RE: The NCAA just caved
(11-05-2019 12:58 PM)arkstfan Wrote:  Actually two things justified.

One. The public or at least the public and status considered professional sports to be coarse and vulgar. That's why the Olympics clung to amateurism as long as they did.

Athletics were supposed to be a pass time to develop oneself and stay healthy while learning the virtues that would make one a good soldier (read officer).

Second. The most respected academic institutions in the country rejected the idea of ability based aid, the rest halved the baby by limiting it to tuition, fees, books, room and board plus an allowance for laundry and other expenses that was taken away in the early 1970's. That figure when adopted in the 50's was pretty close in buying power to what the current stipends for cost of attendance pay, by 1971 not so much.

Those reasons are not what I'd call justifications.

That elitist attitude was not so prevalent pre-50s that people did not show up to games and pay good money to watch the players go at it. The fans back then knew that there were players who were being paid in one way and/or another. That's pro college ball, not amateur, and those fans yummed it up...

Since the demand for pro college ball was there (still is, always will be), there was, IMO, no justification for fixing pay. It served no pro-competitive purpose. All it did was cheat the players who would have been paid more -- the irrational, immoral beliefs of classist butt-heads in ivory towers notwithstanding.

The other schools ought to have owned up to the fact that college ball was business and that it had been for decades. They should have told the elitist pearl clutchers to go take a flying row off the edge of a waterfall. They should have properly compensated their own players.

Athletics as just a healthy, virtuous "avocation," as the Cartel calls it, was completely unjustified once it became business, and so too artificially low caps on pay. That's how I see it, anyway. 04-cheers

EDIT: I'm reminded of the following passage from a 90 year old article in the Cornell Alumni News. For context, the Carnagie Foundation had just been reported that Cornell was one of only a few surveyed schools that did not pay varsity players in some way. Seems the writer here questioned the virtue of Cornell's own approach.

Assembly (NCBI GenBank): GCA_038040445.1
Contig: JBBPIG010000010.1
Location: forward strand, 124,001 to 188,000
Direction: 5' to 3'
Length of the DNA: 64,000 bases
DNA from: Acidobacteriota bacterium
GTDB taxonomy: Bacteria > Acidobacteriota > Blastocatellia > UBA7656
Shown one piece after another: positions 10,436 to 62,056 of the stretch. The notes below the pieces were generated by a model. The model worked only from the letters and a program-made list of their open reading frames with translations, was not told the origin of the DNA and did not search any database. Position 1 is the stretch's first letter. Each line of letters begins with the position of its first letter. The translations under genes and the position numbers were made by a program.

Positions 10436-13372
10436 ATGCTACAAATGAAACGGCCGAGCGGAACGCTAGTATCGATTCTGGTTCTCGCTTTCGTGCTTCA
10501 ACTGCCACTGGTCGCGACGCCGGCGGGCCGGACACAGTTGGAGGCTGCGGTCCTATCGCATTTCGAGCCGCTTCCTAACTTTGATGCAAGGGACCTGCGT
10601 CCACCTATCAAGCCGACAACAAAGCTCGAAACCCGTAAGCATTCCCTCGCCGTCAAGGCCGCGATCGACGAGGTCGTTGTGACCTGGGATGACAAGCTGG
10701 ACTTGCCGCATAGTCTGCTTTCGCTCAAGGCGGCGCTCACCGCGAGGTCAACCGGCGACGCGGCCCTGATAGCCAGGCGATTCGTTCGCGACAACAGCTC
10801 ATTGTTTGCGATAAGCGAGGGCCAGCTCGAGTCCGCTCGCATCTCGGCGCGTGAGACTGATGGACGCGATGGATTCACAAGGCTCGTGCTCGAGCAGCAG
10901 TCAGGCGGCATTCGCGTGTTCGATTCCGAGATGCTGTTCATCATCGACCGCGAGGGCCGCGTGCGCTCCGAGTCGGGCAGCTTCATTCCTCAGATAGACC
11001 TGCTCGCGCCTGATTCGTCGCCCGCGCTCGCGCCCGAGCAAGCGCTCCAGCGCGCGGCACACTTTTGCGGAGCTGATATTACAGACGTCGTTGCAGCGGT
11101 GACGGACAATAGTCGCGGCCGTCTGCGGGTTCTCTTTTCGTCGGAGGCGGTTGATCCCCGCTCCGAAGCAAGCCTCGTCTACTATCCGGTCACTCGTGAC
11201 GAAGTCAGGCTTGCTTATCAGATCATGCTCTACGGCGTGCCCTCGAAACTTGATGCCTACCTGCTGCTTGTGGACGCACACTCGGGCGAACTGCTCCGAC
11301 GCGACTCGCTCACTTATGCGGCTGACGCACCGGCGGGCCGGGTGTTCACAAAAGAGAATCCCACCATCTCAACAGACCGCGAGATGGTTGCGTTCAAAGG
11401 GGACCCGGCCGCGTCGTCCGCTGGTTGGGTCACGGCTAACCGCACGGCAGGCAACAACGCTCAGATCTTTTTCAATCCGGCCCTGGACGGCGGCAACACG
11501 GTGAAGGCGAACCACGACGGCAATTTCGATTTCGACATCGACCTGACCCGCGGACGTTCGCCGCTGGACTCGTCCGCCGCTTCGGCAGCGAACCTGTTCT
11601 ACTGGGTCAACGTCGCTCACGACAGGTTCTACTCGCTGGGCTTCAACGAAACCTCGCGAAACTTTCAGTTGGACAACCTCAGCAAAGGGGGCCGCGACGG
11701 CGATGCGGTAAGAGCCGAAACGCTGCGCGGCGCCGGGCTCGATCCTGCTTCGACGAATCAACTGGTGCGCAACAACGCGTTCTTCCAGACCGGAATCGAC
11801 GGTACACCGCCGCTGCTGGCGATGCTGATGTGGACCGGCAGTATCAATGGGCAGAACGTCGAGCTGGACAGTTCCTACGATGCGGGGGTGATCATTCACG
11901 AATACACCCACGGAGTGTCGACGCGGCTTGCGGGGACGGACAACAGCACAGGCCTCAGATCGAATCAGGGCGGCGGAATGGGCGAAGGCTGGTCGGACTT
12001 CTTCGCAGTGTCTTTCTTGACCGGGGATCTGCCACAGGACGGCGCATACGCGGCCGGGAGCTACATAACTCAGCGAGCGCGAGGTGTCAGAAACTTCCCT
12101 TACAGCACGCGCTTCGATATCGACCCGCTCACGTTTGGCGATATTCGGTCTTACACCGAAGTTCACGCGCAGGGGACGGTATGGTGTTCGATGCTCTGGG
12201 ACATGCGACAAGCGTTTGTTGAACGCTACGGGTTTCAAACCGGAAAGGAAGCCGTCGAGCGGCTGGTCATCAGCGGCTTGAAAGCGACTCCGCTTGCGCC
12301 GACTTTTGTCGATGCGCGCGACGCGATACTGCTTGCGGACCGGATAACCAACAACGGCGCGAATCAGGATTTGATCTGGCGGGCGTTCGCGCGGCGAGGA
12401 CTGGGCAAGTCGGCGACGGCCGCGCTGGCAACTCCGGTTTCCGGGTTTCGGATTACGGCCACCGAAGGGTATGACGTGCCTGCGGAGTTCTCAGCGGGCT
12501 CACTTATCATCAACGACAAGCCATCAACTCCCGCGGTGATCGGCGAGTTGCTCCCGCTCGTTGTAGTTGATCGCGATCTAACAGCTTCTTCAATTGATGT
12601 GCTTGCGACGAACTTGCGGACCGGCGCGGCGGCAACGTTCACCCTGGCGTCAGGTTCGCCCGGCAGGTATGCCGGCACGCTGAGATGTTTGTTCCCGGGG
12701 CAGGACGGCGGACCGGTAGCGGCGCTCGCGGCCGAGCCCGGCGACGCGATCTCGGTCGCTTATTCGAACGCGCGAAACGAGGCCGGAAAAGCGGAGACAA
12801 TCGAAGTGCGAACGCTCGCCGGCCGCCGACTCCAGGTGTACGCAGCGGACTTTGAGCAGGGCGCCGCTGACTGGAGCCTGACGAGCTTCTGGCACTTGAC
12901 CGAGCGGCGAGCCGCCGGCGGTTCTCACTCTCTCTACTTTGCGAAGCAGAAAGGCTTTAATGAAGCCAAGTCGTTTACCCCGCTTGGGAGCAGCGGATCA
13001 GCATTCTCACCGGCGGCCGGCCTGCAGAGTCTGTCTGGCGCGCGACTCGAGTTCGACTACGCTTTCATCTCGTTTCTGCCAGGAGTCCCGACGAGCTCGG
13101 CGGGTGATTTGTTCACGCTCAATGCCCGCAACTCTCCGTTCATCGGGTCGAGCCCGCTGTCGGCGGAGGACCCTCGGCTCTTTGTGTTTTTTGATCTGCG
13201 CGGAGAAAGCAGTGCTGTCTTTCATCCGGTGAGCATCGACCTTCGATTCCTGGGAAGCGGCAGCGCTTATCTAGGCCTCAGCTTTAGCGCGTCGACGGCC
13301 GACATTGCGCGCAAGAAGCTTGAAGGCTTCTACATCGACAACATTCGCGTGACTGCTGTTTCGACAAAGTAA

[Image: X0CDcIz.jpg]
(This post was last modified: 11-05-2019 10:31 PM by chester.)
11-05-2019 10:01 PM
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MWC Tex Online
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Post: #67
RE: The NCAA just caved
(10-29-2019 04:36 PM)arkstfan Wrote:  Everything beyond tuition, books, and fees is taxable if you read the tax code.

The IRS just hasn't ever spent any energy on chasing students for the taxes due on housing, meals, and stipends.

Not sure they haven’t spent energy but I wonder if the college gives the athletes a 1099 for stuff that is taxable. In a lot of cases the amount of room and board is still under the standard deduction for a single status filer so even though they file their 1040 form, they don’t owe any income tax. Now that would change with the NIL and any tax code changes.
Then the state IRS will get involved like they do with the pros. Each athlete that does a NIL endorsement will need to file a tax return for each state they play in. Because those athletes still make a name for themselves when playing in their state and the state will want their share of the money for when they play in their state.

Some people argue about the Olympic model being applied to college. However, the big difference is that the vast majority of Olympic athletes have jobs (mostly part time) that supports their training with some endorsements deals.
The public and the Olympic committee accepts that as amateurism.

Putting that model to the college system wouldn’t be acceptable to most of the college fans. People forget why these collegiate athletic organizations exist and came about. They exist to provide a set of rules for everyone to follow. If there is a subset of schools that want to be semi-pro then they can form their own division with no rules at all. But don’t complain when the fans aren’t lining up as they do now.
(This post was last modified: 11-09-2019 10:06 AM by MWC Tex.)
11-09-2019 10:05 AM
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Go College Sports Offline
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Post: #68
RE: The NCAA just caved
The number of fans who are going to walk away from college sports if their preferred style of amateurism isn't retained is one that is greatly overstated by folks in that group.
11-09-2019 10:39 AM
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chester Offline
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Post: #69
RE: The NCAA just caved
(11-09-2019 10:39 AM)Go College Sports Wrote:  The number of fans who are going to walk away from college sports if their preferred style of amateurism isn't retained is one that is greatly overstated by folks in that group.

100% agree. They will still cheer. They are going to cheer. They will cheer.
11-09-2019 09:13 PM
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chester Offline
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Post: #70
RE: The NCAA just caved
...An article on the hegemonic nature of the Cartel and its propagandistic use of "student athlete" and "the collegiate model":

Cheering on the Collegiate Model Creating, Disseminating, and Imbedding the NCAA’s Redefinition of Amateurism
11-09-2019 09:36 PM